“On behalf of the people of Israel, take revenge on the Midianites for leading them into idolatry. After that, you will die and join your ancestors.” – Numbers 31:2 NLT
Moses obeyed God’s command and ordered the wholesale destruction of the Midianites and their cities. A force of 12,000 men carried out the mission, killing all the Midianite men and burning all their towns and villages. They even executed Balaam for his role in the whole affair. But the text reveals that the Israelite soldiers couldn’t bring themselves to kill the Midianite women.
Then the Israelite army captured the Midianite women and children and seized their cattle and flocks and all their wealth as plunder. – Numbers 31:9 NLT
Still driven by lust, the men saw the Midianite women as too valuable to kill and brought them back as plunder. In doing so, they poured gasoline on the fire of their own sinful desires. They actually made matters worse, and Moses reacted with disbelief and anger.
“Why have you let all the women live? These are the very ones who followed Balaam’s advice and caused the people of Israel to rebel against the LORD at Mount Peor. They are the ones who caused the plague to strike the LORD’s people.” – Numbers 31:15-16 NLT
The men of Israel were willing to live with the Midianite women in their midst, even though they posed a threat to their safety. They were the very women who had caused them to rebel against God, to begin with.
God called the people to action. He demanded that they deal with the threat to their spiritual safety, and they did. This was an act of faith. In fact, every battle the Israelites fought was an act of faith. They were not warring people. They had been slaves. For the last 40 years they had been wandering vagabonds. They had no real military training, and their battle experience was minimal. So, to form an army and fight against the Midianites was an act of faith. But God rewarded their faith.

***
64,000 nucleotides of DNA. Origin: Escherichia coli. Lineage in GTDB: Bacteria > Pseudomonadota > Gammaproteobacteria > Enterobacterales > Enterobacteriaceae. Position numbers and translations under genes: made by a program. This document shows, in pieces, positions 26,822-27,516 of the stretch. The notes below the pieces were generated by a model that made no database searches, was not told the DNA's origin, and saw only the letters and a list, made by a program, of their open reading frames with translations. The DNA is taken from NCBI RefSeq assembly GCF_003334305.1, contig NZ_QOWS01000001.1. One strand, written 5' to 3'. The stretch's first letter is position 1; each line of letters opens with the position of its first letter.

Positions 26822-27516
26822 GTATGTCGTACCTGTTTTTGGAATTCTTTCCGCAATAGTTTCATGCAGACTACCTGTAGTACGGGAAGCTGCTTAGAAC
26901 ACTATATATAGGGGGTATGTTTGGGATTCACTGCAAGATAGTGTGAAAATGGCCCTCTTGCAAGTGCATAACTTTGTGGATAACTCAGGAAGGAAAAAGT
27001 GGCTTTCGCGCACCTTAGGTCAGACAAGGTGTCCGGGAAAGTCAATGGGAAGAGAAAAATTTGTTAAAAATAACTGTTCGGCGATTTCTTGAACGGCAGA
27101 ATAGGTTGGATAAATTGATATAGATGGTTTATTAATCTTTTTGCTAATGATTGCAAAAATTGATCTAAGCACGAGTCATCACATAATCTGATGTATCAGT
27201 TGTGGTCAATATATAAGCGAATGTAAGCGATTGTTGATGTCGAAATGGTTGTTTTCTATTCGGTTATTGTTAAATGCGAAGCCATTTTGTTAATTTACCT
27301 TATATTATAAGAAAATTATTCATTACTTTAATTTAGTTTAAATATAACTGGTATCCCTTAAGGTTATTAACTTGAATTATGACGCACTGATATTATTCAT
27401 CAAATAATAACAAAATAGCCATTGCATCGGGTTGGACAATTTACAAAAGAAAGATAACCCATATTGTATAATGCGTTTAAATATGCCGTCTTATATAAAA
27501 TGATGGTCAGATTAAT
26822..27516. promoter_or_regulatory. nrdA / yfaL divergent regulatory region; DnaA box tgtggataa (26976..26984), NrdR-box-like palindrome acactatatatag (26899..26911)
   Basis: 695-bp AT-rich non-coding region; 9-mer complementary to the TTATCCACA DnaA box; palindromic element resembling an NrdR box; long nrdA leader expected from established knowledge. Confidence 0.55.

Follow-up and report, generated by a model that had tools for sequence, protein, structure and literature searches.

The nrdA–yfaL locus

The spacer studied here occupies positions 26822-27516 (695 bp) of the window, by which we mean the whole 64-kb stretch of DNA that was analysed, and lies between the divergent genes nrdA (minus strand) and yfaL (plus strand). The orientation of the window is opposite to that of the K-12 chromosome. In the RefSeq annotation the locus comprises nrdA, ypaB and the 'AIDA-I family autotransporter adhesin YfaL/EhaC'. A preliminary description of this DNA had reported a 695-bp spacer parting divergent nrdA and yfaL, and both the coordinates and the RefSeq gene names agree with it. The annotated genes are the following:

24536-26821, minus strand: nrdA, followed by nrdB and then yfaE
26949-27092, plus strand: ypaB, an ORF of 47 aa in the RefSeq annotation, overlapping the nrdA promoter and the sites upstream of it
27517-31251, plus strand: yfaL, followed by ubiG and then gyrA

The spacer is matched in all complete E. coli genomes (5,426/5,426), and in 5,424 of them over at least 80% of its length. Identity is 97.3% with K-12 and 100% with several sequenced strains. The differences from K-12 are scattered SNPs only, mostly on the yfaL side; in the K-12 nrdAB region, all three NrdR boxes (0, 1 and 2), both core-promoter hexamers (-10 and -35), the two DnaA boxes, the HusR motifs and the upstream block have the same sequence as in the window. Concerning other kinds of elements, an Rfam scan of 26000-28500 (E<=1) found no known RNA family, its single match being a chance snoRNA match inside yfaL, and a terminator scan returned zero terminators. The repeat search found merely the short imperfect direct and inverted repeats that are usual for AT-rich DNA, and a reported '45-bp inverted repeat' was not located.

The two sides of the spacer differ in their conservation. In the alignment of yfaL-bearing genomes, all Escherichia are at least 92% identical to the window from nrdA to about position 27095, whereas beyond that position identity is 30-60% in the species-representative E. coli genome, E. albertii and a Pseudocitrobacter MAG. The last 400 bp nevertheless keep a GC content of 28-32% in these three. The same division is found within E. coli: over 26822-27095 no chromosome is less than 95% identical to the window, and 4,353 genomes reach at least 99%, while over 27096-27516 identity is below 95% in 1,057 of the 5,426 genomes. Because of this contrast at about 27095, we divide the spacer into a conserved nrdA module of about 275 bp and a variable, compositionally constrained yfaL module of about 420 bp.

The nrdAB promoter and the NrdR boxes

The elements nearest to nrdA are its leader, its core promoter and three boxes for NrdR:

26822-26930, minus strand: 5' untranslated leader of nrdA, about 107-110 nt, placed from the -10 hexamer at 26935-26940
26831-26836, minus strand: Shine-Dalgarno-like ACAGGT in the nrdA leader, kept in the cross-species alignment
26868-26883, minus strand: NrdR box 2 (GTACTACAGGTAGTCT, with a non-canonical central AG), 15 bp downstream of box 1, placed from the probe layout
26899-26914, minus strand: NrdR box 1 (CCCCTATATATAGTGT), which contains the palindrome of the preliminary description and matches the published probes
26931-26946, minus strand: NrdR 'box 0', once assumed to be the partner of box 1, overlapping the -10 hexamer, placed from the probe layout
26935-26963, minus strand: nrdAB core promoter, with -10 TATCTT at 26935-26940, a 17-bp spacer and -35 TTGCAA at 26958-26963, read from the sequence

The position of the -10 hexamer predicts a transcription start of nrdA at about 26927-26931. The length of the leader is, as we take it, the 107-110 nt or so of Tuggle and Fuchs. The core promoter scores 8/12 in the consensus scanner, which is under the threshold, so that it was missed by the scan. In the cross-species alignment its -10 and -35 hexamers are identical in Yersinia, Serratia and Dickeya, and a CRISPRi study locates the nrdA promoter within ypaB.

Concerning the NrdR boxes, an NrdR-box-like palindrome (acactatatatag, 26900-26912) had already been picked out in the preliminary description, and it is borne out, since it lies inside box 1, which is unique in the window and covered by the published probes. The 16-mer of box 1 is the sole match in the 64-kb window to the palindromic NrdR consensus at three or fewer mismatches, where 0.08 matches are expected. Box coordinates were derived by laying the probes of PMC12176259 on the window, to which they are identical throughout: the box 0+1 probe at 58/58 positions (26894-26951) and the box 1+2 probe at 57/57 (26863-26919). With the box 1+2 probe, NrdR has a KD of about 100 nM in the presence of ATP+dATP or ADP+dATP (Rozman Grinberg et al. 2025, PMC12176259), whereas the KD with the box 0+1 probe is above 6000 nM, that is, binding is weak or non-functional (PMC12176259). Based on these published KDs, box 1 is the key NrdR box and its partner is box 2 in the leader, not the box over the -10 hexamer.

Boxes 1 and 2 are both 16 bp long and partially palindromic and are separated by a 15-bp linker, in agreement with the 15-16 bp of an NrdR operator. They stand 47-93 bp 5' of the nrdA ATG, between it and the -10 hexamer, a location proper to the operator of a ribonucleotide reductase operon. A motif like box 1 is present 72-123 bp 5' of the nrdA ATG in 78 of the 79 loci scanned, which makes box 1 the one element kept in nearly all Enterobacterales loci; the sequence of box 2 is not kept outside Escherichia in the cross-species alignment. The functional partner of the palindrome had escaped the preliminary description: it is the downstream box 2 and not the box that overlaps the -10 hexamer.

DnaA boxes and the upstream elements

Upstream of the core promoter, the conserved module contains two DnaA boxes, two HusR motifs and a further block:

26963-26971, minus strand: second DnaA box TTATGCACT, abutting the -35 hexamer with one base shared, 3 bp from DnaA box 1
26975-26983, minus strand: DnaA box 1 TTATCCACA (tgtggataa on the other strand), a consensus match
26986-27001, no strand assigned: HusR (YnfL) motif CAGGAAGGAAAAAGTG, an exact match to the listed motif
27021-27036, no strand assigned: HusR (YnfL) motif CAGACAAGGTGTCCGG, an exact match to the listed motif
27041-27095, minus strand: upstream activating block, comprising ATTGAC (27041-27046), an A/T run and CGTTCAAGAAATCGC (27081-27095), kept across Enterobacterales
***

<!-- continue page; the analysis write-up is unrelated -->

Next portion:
It’s interesting to note that the preceding chapter outlined the sheer number of sheep, goats, and bulls the people were required to offer in sacrifice to God each year. Then this chapter outlines the number of sheep, cattle, and donkeys the people took as plunder from the Midianites: 675,000 sheep, 72,000 cattle, and 61,000 donkeys.
It seems that the sacrifices were all about faith. They were to offer to God their best, even though it cost them dearly. The battle was all about faith, and trusting God to lead them in an endeavor for which they had no skills or experience. But the result was the reward of God. He repaid their faithfulness with abundance. God gave them back far more in the way of livestock than they would ever have to give to Him. He was testing their obedience. He wanted to see if they would step out in faith and obey what He told them to do.
Moses knew what needed to be done and ordered the soldiers to complete their mission.
“Now therefore, kill every male among the little ones, and kill every woman who has known man by lying with him. But all the young girls who have not known man by lying with him keep alive for yourselves.” – Numbers 31:17-18 ESV
To modern readers, this all seems so extreme and unnecessary. We tend to judge the actions of the Israelites through what we believe to be our more enlightened understanding of justice. But the land of Canaan was like the wild west, filled with disparate people groups who were all vying for control and willing to do whatever was necessary to solidify their hold on the land. And the Israelites were one nation among many. But they had been chosen by God and awarded sole possession of the land of Canaan. Yet, even more important than their possession of the land was the preservation of their purity and the demonstration of their faith in God. They were to be a set-apart people, wholly committed to Yahweh and willing to follow His commands whatever the cost. No compromise. No concessions. No subtle softening of their convictions. The battle was real and the fight of faith would be anything but easy.
New Living Translation (NLT) Holy Bible, New Living Translation, copyright © 1996, 2004, 2015 by Tyndale House Foundation. Used by permission of Tyndale House Publishers Inc., Carol Stream, Illinois 60188. All rights reserved.